Humans are consuming the world’s capability to support all species on the planet. Climate change, in addition, is diminishing humans’ capacity to produce as weather patterns are altered across the globe.
So, how do we change the way humans measure progress?
There is an urgent need to relook the way we create goods and services in order to ensure the survival of mankind.
At a recent meeting of the Club of Rome in Stellenbosch, the first time this think tank met outside of Europe, Dr David Korten shared his views on structural change.
Korten is an American author, critic of corporate globalisation and former professor at the Harvard Business School.
The meeting, held in conjunction with the Stellenbosch University Business School’s Institute for Futures Research, heard from Korten that eight principles need to be laid down and implemented to ensure human survival.
First, economic performance should be measured by indicators that evaluate what humans want to accomplish.
The wellbeing of people and the planet is paramount. The custom measurement of economic growth, measured through increases in gross domestic product, only measures consumption.
Only those resources and labour which benefit life should be used.
This second principle means that humans would eliminate war – which is usually a scramble for power over limited resources – dependence on automobiles, financial speculation, planned obsolescence, chemical agriculture and advertising.
These are the drivers of consumerism.
In the third instance, honour, reward and power should be put in the hands of those who provide beneficial labour, which serves the community interest.
Thus, businesses should be converted to worker and community ownership. This entails eliminating trans-national companies and other forms of absentee ownership. These are not modest changes and humans’ fundamental survival is at stake.
Fourthly, societies should be created where the money supply takes place through an accountable and transparent public process serving the community interest.
In societies that are dependent on money, those controlling the money creation and allocation control the lives of every human. Such enormous control should be reserved for transparent and accountable community cooperative banks which should be established.
Education should, in the fifth instance, be focused on developing skills of rapid learning and adaptation.
The only future certainty is that it will be time for rapid and dramatic change. All humans should be skilled in creating and adapting to rapid change.
That means that any education that is geared towards learning to succeed in the current system, is not in tune with what we need to have if we want to have a future together.
Technologies should be created and supplied to serve life, as a sixth principle.
That will include technologies that reduce destructive environmental impacts, restore the regenerative capacity of earth’s natural systems and facilitate global understanding, cooperation and rapid learning.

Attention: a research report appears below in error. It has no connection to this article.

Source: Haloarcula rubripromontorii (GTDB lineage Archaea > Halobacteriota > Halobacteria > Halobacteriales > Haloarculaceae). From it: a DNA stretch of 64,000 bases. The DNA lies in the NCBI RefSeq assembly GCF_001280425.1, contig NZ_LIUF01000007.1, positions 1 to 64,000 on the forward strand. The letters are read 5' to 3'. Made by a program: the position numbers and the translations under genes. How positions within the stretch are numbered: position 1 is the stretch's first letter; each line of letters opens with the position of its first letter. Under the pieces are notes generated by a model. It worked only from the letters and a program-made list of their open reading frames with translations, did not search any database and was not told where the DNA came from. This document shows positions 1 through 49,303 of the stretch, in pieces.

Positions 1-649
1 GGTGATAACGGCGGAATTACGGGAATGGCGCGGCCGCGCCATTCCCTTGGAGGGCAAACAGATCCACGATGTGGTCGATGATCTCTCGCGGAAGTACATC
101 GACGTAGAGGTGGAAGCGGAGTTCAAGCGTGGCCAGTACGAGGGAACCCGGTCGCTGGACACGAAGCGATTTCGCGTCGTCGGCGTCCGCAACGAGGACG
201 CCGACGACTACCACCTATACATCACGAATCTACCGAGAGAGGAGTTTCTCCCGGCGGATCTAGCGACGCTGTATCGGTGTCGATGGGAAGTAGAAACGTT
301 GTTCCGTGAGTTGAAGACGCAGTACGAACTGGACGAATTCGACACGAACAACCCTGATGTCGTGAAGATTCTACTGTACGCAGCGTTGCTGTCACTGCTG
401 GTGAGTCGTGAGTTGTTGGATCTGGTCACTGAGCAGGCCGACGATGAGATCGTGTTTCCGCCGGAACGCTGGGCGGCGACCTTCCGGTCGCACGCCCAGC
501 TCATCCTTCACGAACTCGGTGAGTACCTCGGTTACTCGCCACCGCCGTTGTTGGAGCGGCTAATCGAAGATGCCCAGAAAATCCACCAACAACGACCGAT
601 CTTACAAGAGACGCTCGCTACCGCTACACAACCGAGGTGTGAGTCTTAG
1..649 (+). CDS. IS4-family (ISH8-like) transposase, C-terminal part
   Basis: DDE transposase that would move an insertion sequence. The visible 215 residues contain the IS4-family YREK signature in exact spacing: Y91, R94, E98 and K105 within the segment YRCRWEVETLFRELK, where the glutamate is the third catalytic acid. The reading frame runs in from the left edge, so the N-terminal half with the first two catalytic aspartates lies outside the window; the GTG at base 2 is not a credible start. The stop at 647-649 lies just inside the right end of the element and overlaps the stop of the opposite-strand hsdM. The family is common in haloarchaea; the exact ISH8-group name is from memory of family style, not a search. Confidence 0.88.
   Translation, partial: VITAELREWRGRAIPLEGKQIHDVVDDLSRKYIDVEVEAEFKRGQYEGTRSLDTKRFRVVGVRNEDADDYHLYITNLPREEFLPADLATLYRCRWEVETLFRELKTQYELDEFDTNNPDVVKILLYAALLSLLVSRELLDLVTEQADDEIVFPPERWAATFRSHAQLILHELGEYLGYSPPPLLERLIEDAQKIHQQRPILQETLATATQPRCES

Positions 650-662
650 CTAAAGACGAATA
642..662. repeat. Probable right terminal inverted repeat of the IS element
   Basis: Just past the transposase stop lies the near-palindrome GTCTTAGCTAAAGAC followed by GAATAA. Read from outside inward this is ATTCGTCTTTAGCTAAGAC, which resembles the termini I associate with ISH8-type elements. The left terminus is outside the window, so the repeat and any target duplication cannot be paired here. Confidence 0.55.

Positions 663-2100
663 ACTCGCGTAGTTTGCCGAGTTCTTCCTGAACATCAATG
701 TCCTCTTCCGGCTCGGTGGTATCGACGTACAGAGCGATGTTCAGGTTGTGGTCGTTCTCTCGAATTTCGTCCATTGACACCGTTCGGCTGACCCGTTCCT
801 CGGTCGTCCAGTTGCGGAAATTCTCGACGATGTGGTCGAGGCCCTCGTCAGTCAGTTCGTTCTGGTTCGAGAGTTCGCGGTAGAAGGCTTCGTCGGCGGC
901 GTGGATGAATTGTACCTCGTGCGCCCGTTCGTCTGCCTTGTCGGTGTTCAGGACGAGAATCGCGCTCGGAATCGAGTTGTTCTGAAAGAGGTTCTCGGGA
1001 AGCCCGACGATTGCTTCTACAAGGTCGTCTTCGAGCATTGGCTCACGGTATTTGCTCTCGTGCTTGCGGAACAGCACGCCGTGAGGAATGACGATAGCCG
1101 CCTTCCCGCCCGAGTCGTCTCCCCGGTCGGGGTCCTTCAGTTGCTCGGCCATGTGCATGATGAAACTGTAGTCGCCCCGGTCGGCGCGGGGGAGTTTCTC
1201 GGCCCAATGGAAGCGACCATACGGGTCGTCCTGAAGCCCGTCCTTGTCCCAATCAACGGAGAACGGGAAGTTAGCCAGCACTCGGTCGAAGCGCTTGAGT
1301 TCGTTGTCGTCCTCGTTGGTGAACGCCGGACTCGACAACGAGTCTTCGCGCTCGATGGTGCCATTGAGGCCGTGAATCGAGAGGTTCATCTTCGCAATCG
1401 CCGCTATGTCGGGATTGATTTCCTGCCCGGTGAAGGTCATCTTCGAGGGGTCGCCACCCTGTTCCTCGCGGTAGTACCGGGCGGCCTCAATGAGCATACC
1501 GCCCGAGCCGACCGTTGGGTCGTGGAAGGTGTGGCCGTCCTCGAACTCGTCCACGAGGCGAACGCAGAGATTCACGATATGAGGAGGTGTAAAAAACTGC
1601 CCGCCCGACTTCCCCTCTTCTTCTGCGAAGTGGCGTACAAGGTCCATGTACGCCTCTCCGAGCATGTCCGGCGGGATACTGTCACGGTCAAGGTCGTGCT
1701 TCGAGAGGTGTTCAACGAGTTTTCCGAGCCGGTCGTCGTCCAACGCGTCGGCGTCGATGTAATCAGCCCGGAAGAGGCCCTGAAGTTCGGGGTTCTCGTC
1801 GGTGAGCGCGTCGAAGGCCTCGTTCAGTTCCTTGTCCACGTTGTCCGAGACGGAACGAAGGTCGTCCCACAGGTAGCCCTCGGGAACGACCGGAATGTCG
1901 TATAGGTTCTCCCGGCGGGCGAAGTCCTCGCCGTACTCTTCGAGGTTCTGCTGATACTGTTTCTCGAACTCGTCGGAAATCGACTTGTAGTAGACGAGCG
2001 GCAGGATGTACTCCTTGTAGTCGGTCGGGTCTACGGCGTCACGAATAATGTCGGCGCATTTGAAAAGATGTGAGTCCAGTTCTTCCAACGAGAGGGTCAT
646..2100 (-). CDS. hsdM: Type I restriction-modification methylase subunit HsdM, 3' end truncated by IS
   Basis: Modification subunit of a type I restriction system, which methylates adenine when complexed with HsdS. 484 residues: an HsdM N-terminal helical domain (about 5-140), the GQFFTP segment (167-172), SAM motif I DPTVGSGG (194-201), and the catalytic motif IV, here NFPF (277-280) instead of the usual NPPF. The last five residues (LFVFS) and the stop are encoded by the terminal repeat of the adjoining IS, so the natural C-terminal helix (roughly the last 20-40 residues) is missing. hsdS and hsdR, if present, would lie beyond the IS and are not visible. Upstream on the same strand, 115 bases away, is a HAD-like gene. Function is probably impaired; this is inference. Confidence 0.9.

The seventh principle foresees communities organised as interlinked, cooperative, self-reliant, regenerative and bioregional.
Rural and urban communities should be linked through circular flows of energy and materials that meet the needs of each with local labour and materials. This all while freely sharing beneficial knowledge and technology with all those who might benefit from it.
Multinational companies, which enslave life and the planet in order to grow money, should be broken up. Money is in any instance just numbers on a hard drive.
The final principle holds that humans should seek a mutually beneficial balance between the population of people and earth’s other species.
This should be done by providing educational and occupational opportunities for women, making fertility management methods freely available to all whom seek them and by facilitating voluntary resettlement between over and under populated bioregions.
These are simple concepts, but a very complicated application.
By applying these principles, we will reduce our dependence on money, break up the structures of corporate control, rebuild communities and the structures of the environment consistent with contemporary needs and the potentials of modern knowledge and technology, said Korten.
One of the principle reasons why humans are in trouble is because they deprived indigenous people of their land and made them dependent on money for labour that international corporations use to accumulate profits, explained Korten.
“We currently consume 1.7 times more than what the earth can sustain. The 27 richest individuals own more than that of 3.5bn of the poorest people,” said Korten.
“The self-destruction of humankind is possible if we don’t change. The reality is that the neoliberal economic thinking has failed and that we must think new.”